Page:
China / Society

Alibaba Pictures riles writers with new line

By RAYMOND ZHOU (China Daily/ Updated: 2015-11-30 07:16

Alibaba Pictures riles writers with new line

Scene of the forum.

Alibaba Pictures has managed to offend China's scriptwriters in one fell swoop-or perhaps it does not need them to fulfill its film dreams.

Over the weekend, a remark by one of its executives angered so many of the country's top scribes that many said they would not work for the new film company.

This is despite it being backed by Alibaba Group, a leading global e-commerce company.

Xu Yuanxiang, vice-president of Alibaba Pictures, said at a forum, "Our method is completely subversive and we will not hire professional writers from now on."

Instead, his company will select a dozen writers of fan fiction and hosts of online forums to form a group to come up with storylines.

"They'll compete with each other and get eliminated one by one, just like in a killing game, with the last one remaining getting a prize and a story credit in the movie," Xu said.

Xu has also come up with a concept called "Loser ticket-buying psychology", saying that 85 percent of China's moviegoers are aged between 19 and 29, "which means you guys in this forum do not matter to the box office."

"Loser" in Chinese is a humorous term for the young and unsuccessful.

But judging from the backlash, the professionals are far from thankful for Xu "pointing out a way to survive" as he emphasized. Instead, they appear to have been deeply offended.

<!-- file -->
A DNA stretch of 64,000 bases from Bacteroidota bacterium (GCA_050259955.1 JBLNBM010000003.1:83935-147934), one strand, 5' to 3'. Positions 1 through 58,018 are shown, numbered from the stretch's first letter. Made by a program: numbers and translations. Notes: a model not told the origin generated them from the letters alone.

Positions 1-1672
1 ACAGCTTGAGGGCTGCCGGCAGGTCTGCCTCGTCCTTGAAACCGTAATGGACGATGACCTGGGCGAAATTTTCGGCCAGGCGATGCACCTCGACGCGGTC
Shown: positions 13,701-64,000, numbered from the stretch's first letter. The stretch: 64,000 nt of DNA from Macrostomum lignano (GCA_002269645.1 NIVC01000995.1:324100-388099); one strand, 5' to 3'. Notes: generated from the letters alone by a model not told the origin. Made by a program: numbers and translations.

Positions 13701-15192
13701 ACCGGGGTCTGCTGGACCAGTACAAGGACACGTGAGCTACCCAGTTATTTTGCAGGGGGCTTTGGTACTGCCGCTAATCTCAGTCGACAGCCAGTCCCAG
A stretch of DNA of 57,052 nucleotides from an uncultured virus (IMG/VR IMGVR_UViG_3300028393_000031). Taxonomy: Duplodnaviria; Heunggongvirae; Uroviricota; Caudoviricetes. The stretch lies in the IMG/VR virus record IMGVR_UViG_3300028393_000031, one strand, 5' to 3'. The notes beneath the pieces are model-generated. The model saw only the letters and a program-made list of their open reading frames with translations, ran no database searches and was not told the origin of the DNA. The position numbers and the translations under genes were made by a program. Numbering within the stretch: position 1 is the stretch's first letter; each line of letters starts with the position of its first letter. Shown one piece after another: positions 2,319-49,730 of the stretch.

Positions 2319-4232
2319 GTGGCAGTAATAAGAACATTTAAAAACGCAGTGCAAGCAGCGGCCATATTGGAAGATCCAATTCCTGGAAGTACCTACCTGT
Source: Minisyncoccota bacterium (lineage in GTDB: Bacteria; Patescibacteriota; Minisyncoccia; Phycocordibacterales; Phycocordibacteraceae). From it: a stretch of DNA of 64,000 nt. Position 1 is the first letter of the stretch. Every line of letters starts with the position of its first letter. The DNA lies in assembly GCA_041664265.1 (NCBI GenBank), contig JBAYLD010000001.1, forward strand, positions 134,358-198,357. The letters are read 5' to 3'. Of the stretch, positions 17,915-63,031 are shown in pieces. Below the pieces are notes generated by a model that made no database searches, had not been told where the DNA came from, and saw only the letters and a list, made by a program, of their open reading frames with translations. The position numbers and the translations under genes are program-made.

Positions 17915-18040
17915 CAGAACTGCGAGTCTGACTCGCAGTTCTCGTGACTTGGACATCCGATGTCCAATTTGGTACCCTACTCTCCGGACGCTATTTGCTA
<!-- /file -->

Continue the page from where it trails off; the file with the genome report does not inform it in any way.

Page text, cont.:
Xiduorui, a firm that represents 70 scriptwriters, said it would not work with Alibaba until it changes its attitude.

Yu Fei, a screenwriter, described Xu's approach as "using capital to enslave online writers", while Dong Runnian, another writer, equated it with "trampling on the dignity of all involved".

Manfred Wong, a Hong Kong writer now working in Beijing, said if money alone could create good movies, then Li Ka-shing, long billed as Asia's richest man, would have got into the act a long time ago, "leaving no room for you upstarts".

As the issue spinned out of control, Xu himself clarified his statement on social media.

"I have been misquoted. I know the importance of scripts as I used to be a screenwriter and I have empathy with the other screenwriters. I just emphasized the respective importance of IP and screenwriters. I look forward to cooperating with you," said Xu Yuanxiang on his sina weibo, China's Twitter-like social networking site, in response to the complaints from many screenwriters.

Zhang Qiang, CEO of Alibaba Pictures, has since issued a statement, saying his company "has never wavered in its respect for professional writers".

Shui Guai, a critic and film curator, has sympathy for Alibaba.

"Since it got into film two years ago, it has little to show for all the big money it has thrown into it. In terms of the gap between investment and return, only China's soccer is comparable," Shui said.

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